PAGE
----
Before plaintiff can recover from subcontractors under the circumstances here present for the expenses incurred in correcting the defects in the building and for plaintiff's other pecuniary losses incurred on account of the moving defendants' alleged negligence, the Court must rule that recovery is available in Delaware in cases falling within the third category listed above. No Delaware cases have heretofore *732 permitted tort recovery in this category.

The great weight of authority does not yet permit tort recovery under the circumstances here present in the absence of physical injury to a person or dramatic incident such as accident, collapse or explosion. Prosser, after discussing cases where recovery is allowed as an outgrowth of the MacPherson case, supra, states:

"Where, however, there is no accident or tangible damage, and the only loss is a pecuniary one, through loss of use of the chattel or the cost of repairing it, the Courts have adhered to the rule * * * that purely economic interests are not entitled to protection against mere negligence, and so have denied recovery". Prosser, Law of Torts, 3rd Ed. 1964.

The leading case cited by Prosser and others for this rule is Trans World Airlines v. Curtiss-Wright Corp., 1 Misc.2d 477, 148 N.Y.S.2d 284 (N.Y.1955). In that case, TWA had bought approximately 55 airplane engines from the defendant. Two airplane crashes occurred. TWA sued the defendant, a subcontractor which supplied the plane engines, for damages resulting from those crashes based upon negligent manufacture of airplane engines, and also for damages based upon negligent manufacture of 55 additional airplane engines which had not been involved in crashes, but which were merely defective. The Court squarely faced the issue that is raised in this case, and stated:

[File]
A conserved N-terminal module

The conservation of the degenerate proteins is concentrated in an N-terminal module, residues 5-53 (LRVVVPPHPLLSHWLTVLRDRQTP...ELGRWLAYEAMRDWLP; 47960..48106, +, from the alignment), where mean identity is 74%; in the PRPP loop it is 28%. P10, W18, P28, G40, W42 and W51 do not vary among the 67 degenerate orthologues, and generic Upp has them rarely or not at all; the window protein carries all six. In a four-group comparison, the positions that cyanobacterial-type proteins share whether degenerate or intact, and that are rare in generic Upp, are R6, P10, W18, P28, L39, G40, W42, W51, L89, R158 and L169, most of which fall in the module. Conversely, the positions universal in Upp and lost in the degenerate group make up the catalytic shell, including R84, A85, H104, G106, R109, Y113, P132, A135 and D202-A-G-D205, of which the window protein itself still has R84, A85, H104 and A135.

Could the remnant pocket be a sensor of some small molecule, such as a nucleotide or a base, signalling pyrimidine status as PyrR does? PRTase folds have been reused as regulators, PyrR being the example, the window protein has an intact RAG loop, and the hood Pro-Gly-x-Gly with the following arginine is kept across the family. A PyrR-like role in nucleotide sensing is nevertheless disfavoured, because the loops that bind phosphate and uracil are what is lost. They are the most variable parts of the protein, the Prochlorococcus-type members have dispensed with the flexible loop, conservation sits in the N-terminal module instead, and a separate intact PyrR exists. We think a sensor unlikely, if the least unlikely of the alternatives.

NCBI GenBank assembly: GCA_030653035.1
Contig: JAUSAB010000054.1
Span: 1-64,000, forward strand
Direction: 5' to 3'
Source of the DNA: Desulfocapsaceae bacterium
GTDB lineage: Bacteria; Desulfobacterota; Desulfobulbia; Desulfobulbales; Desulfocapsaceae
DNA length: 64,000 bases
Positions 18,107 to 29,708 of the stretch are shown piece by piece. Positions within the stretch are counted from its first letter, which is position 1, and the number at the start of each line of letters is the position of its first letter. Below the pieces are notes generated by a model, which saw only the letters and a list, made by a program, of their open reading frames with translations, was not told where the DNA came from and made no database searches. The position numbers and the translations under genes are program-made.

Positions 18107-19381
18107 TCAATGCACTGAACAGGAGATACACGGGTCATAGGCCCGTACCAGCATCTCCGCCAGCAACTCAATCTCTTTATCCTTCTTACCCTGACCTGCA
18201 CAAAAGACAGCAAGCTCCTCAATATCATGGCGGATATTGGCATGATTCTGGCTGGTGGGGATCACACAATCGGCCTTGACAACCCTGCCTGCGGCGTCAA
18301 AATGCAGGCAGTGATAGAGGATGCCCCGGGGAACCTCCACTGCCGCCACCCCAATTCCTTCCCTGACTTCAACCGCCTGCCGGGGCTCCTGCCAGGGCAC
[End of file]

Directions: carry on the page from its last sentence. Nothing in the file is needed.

Until there is an accident, there can be no loss arising from breach of this duty, i. e., as a result of negligence (as distinguished from warranty). "Though negligence may endanger the person or property of another, no actionable wrong is committed if the danger is averted." [citation omitted] The damage asserted by TWA is for replacement cost of allegedly inferior engines a matter of qualitative inadequacy in a product purchased from Lockheed, a proper subject for a claim of breach of warranty, pure and simple. It is true that when the engines "failed to operate", the planes became "imminently dangerous"; but the danger was "averted". There was no accident. The malfunctioning of the engines had not yet turned into a misadventure. TWA was not without remedy. Until an accident attributable to a defective engine happened, its only remedy was to hold Lockheed, the seller, for breach of warranty. It is only when the danger inherent in a defectively made article causes an accident that a cause of action against the manufacturer also arises. If the ultimate user were allowed to sue the manufacturer in negligence merely because an article with latent defects turned out to be bad when used in "regular service" without any accident occurring, there would be nothing left of the citadel of privity and not much scope for the law of warranty. There seems to me to be good reason for maintaining that, short of an accident, the citadel should be preserved. Manufacturers would be subject to indiscriminate lawsuits by persons having no contractual relations with them, persons who could thereby escape the limitations, if any, agreed upon in their contract of purchase. Damages for inferior quality, per se, should better be left to suits between vendors and purchasers since they depend on the terms of the bargain between them.

See also A. J. P. Contracting Corp. v. Brooklyn Builders Supply Co. (N.Y.1939), 171 Misc. 157, 11 N.Y.S.2d 662, affirmed without opinion 258 App.Div. 747, 15 N.Y.S.2d 424; Id. 283 N.Y. 692, 28 N.E.2d 412.

I hold that the rule stated in these authorities correctly states the law as it applies to this case.

The motions of each of the moving parties is granted. It is so ordered.